Hell is not a Christian word. Hell is not a Christian place. The word Hell is derived from Germanic etymology and comes to our vocabulary through Old English.[i] And yet it is conflated to be the “bad place” for the Christians who speak English. Now it is not as though there is no “bad place” of Judaic origin that they could have just ported over; there was Gehenna (Gehenom) which was the bad place for the Jews who were living about at the time of Jesus and it had been that way for a fair amount of time (although differences of opinion existed in Jewish belief in different times on different aspects of the afterlife or its existence at all). When the New Testament came along, a lot of it was in Greek and they used the term Tartarus, which ultimately makes at least some kind of sense because there were stories of people who were punished in Tartarus.
Heaven similarly is not a Christian word, it is not a Christian place. Heaven is similarly of Germanic origins from Heofon.[ii] “Heaven” is not even really where people end up at all in the Bible or in the Jewish belief. People go to Sheol; all people, regardless of if they are good or bad, go to Sheol in the old beliefs of the Jews. Where this begins to take form was that eventually the chosen people would return from Sheol and live again. When the New Testament dips into Greek, the term they use is Hades, and generally speaking the term is fairly appropriately used here. Hades and Sheol had a lot in common, they were the general holding place for all dead people regardless of how good or bad they were. Now the really bad people went to Tartarus, but that was rare; in much the same way it could be assumed that only the really bad people went to Gehenom.
Furthermore, there was a place in Sheol called the Bosom of Abraham which was the place where the chosen would be up until the time they were raised up to love again. That is the closest that ancient Judeo-Christian belief comes to when it pertains to “Heaven”. There are some problems with this though. There is a reason that it is the Bosom of Abraham, because all Jews are supposed to be descendants of Abraham, they are essentially just returning to be with their family, which would be the chosen people. In this case, the bosom is important because it is trying to recall how families slept in ancient times, you kept your children close to your bosom as you slept. In this way Abraham is the direct blood ancestor of all Jews and therefore he draws them to him as family in Sheol. This is potentially problematic; I bet you can see the issue: Christians are overwhelmingly not descendants of Abraham. Christians overwhelmingly converted to Christianity. So if the Jews go to their family and that would be the Bosom of Abraham in Sheol, and they’re going there because he is the founding father of the bloodline of the Jews, what would follow is that Christians wouldn’t go there at all and would by that thinking in all likelihood end up with their own pagan ancestors. So much for Sheol, so they had to radically remake their afterlife beliefs and quick before anyone figured out that their original afterlife would have sucked if directly ported over for Christians.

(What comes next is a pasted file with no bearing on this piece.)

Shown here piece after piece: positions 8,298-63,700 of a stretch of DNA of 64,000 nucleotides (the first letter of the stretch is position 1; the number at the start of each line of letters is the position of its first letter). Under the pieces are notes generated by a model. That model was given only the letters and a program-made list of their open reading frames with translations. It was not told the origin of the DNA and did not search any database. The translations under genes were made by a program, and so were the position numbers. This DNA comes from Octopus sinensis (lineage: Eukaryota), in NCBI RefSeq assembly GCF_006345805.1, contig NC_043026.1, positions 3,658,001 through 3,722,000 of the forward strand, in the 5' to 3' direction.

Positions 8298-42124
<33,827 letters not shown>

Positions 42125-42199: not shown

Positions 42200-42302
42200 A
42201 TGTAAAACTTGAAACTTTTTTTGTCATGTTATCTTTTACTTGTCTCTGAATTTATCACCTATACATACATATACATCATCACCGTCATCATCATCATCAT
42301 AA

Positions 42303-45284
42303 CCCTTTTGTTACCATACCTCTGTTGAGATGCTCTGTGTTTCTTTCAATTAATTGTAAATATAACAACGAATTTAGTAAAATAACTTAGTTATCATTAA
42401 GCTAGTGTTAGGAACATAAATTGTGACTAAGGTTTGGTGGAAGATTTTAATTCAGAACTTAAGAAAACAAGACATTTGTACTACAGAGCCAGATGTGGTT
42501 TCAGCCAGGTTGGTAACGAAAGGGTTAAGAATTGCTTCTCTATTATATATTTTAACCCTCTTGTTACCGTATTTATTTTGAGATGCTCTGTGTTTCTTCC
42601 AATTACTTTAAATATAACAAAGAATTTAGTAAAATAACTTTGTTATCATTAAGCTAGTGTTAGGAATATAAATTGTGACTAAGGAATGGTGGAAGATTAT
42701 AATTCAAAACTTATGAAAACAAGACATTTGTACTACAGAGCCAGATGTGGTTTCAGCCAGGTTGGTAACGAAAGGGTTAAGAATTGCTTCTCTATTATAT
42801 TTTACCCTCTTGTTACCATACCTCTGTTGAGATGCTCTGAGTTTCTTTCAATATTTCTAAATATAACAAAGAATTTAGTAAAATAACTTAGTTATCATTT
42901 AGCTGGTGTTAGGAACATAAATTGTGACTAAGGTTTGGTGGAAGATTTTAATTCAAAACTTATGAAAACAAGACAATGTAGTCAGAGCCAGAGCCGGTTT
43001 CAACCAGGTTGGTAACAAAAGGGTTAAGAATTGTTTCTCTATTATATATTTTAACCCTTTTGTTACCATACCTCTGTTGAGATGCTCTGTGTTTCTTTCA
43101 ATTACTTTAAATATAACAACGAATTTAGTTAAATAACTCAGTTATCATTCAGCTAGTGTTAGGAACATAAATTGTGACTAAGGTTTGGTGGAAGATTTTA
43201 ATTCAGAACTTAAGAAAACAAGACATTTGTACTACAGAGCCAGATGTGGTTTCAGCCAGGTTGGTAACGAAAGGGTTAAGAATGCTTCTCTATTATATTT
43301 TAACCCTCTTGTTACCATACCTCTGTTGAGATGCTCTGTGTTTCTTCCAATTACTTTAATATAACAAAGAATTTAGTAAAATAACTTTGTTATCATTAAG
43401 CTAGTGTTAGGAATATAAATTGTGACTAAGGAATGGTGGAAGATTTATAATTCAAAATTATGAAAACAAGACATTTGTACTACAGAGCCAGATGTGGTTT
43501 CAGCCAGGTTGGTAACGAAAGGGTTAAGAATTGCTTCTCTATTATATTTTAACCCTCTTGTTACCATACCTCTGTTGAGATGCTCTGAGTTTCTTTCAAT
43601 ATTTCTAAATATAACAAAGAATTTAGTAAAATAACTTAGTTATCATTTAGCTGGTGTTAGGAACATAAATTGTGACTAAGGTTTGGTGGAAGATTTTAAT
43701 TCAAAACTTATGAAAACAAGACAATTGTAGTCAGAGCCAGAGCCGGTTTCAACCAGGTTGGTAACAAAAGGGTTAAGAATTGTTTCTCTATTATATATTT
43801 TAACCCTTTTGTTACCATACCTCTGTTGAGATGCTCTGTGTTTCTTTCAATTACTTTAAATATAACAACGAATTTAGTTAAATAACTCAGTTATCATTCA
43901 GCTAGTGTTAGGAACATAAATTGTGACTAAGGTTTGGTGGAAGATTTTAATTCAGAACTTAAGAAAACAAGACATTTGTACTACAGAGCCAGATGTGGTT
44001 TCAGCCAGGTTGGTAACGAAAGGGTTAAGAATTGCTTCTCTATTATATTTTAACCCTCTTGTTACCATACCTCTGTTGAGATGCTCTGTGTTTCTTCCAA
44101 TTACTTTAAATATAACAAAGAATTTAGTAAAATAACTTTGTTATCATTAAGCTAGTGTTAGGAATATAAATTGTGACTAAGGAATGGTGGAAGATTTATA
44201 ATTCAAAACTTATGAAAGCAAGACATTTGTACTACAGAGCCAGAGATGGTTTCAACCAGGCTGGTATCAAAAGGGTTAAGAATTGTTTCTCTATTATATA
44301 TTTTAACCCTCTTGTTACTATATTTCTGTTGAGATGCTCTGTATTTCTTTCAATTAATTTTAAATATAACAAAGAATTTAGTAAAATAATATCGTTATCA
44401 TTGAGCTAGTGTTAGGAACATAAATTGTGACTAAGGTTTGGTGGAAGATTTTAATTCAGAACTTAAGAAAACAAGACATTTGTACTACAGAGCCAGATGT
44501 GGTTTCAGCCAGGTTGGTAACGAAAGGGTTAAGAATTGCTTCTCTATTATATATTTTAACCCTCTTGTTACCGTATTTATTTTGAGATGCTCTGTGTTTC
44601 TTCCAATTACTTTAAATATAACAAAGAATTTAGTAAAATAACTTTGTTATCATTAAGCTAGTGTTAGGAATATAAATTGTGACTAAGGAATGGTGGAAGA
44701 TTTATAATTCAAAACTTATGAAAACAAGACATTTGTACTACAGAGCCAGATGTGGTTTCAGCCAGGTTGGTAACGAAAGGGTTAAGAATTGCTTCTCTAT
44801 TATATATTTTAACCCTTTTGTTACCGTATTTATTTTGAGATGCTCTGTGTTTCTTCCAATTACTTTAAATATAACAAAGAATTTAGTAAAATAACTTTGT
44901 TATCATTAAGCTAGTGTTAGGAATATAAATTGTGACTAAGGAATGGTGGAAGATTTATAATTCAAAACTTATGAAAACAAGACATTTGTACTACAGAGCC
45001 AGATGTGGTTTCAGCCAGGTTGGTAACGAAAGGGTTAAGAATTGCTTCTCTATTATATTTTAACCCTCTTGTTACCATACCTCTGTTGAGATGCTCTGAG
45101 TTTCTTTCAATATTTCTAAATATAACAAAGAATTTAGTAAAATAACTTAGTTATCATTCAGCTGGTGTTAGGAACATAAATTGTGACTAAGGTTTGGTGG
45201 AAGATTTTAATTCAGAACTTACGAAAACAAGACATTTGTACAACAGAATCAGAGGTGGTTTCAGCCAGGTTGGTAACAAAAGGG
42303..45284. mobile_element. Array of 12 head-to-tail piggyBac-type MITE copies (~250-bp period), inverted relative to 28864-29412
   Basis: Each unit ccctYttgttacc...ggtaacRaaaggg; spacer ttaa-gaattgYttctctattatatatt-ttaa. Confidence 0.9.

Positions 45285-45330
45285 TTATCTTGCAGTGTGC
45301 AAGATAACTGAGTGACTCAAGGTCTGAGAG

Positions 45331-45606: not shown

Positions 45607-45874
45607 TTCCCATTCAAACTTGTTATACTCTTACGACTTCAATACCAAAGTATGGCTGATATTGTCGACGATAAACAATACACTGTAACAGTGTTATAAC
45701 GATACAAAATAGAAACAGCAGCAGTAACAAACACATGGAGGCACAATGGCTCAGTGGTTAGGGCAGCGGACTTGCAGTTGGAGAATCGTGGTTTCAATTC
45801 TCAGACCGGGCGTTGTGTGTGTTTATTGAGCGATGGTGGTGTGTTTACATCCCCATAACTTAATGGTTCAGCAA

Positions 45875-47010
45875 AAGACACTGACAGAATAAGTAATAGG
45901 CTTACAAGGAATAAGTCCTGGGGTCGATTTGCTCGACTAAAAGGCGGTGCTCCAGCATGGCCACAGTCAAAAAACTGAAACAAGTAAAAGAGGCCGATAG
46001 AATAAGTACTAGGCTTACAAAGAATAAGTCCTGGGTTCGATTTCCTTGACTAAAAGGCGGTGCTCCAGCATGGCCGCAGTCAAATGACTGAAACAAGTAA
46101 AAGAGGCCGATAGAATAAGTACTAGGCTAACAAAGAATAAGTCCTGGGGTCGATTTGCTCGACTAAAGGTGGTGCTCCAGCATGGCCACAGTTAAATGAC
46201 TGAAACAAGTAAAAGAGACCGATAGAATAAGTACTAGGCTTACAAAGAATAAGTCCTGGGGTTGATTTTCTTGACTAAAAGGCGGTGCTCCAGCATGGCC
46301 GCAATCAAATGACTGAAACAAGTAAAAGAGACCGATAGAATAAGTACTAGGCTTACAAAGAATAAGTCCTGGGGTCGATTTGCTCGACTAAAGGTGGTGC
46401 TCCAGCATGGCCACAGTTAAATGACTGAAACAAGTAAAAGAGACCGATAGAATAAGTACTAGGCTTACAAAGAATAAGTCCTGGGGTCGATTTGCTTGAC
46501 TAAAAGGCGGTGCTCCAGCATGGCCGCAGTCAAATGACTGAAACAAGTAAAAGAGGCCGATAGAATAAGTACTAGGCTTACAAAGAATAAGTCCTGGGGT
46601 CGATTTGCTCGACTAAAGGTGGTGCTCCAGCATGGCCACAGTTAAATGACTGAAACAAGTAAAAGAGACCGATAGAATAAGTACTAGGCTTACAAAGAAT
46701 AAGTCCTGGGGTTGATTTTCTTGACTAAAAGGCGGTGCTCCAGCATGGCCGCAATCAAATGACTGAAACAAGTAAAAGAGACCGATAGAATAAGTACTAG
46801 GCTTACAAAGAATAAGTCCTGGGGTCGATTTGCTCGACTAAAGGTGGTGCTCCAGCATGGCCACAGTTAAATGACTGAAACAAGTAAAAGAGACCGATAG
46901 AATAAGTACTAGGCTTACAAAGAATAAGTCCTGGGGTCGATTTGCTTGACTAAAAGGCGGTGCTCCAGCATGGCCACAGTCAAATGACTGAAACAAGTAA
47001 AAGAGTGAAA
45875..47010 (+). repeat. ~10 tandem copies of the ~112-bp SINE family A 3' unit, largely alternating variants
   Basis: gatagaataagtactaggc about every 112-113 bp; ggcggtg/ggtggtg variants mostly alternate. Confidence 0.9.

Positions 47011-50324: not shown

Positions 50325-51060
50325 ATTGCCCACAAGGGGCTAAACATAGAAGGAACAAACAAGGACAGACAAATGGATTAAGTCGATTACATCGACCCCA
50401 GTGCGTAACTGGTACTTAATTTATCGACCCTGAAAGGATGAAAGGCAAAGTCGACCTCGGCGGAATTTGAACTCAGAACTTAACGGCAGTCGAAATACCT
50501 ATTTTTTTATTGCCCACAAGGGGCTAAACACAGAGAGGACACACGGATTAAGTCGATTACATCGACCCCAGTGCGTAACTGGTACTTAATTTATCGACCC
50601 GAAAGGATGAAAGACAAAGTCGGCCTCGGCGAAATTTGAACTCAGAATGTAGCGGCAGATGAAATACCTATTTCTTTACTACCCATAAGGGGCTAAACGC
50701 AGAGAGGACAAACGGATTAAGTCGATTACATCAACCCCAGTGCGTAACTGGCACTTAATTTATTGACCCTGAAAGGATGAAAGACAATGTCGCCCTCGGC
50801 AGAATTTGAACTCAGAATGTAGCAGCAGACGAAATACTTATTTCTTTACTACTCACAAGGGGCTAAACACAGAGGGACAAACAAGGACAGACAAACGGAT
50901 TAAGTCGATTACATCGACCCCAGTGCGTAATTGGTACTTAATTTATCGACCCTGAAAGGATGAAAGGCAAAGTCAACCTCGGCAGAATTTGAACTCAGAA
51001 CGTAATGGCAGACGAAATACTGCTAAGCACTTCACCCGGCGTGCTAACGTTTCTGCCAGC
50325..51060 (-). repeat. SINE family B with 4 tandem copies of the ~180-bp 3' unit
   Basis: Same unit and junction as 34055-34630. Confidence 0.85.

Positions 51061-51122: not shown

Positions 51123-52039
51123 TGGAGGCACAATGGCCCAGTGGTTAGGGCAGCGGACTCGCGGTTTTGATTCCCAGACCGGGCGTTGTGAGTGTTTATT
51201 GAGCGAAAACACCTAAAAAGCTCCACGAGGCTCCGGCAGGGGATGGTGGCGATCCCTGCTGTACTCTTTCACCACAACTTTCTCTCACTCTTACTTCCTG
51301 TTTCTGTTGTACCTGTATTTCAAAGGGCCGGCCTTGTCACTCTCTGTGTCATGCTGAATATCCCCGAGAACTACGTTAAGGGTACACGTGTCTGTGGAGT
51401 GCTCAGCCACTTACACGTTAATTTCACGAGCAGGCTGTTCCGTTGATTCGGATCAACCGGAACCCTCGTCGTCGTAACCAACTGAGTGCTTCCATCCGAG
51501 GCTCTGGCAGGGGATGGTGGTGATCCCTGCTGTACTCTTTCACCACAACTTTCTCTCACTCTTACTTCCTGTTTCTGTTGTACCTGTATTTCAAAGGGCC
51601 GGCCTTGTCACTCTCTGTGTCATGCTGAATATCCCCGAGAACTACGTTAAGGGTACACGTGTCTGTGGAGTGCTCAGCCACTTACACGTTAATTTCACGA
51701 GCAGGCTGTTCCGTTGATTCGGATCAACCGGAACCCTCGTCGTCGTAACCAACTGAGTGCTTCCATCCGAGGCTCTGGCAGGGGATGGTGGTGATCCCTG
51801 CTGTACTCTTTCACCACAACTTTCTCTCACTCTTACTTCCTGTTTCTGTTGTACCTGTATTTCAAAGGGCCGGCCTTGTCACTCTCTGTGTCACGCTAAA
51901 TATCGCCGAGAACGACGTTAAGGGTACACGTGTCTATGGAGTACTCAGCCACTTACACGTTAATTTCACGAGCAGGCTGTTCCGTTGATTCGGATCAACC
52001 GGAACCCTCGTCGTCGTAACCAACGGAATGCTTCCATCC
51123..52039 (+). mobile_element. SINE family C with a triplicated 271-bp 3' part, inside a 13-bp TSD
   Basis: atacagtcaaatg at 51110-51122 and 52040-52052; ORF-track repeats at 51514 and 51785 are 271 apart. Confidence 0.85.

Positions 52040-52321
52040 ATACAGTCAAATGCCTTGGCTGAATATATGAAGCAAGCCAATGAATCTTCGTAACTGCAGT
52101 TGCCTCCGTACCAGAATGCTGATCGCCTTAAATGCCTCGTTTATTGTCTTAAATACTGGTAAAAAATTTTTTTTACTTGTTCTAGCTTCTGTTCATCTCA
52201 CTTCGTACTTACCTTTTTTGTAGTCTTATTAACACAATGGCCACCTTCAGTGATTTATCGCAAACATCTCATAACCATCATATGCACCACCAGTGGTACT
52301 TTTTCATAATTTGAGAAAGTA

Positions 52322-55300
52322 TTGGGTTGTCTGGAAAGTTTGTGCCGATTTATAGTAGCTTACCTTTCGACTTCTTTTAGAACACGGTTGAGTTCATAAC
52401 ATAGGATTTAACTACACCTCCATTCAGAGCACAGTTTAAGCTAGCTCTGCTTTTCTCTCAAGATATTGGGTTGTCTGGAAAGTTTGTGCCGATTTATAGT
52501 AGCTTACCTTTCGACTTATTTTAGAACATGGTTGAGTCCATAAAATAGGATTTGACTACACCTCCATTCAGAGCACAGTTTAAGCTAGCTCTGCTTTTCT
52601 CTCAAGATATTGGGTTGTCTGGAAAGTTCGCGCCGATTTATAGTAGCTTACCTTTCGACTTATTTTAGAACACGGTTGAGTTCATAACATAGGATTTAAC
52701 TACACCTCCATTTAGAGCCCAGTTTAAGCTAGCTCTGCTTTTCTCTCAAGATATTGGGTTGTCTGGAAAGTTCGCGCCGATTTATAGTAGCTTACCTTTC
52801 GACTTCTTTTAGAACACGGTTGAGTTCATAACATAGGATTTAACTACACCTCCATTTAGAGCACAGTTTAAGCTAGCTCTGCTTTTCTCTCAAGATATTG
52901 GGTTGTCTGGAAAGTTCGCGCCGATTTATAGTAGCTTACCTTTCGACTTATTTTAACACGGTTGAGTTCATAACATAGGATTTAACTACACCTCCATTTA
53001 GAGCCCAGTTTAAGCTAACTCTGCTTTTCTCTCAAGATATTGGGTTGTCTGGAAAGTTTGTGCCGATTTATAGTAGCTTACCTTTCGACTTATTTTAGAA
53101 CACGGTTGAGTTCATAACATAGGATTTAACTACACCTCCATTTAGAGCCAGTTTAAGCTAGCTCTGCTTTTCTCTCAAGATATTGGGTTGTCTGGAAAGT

Now things start to get a little tricky, because we have this book and all these generations of teachings that are describing an afterlife that is now unattainable for the vast majority of the people who are being converted into the religion. So they apparently at some point just concocted a new one, one that more suited their views of things. And when they did that, they put it into terms of the language of the people they were converting at the time – and for the English language that was the ancient Anglo-Saxons. In much the same way Hades and Tartarus entered into the vernacular of church beliefs for the areas that spoke Greek.
This all was rather easy to get away with because very, very few people were literate in their own language much less in other languages needed to read the Bible as written. It was not until vernacular bibles came about in the common language of the people that you had some of these discrepancies come more to light, but by then there had been generations of people being told about Hell and Heaven.
Now herein lies the issue. The modern Christian concept of Hell is vastly at odds with both the ancient Judeo-Christian beliefs as well as the pagan beliefs of the Anglo-Saxons whose term it was originally. In much the same way the beliefs about heaven are similarly warped. I personally have a lot of issues accepting the Christian narrative. It reads as though the monks arrived and began to start to Hell-splain the pagans their own religion and over time succeeded in convincing people that the perpetually green fields of the afterlife were lakes of fire and that the realm of the gods which was likely closed off to people would be thrown open to followers of Christ. In this way they could work within the system and spread their beliefs using old vocabulary. And they pretty much got away with it due to the illiteracy of the masses of people.
Whatever the case might have been, it is our job as modern day pagans to untangle the mess those ancient Christians made of our afterlife. We have to get the Gehenna out of our Hell. Gehenna may have been lakes of fire, but Hell is not.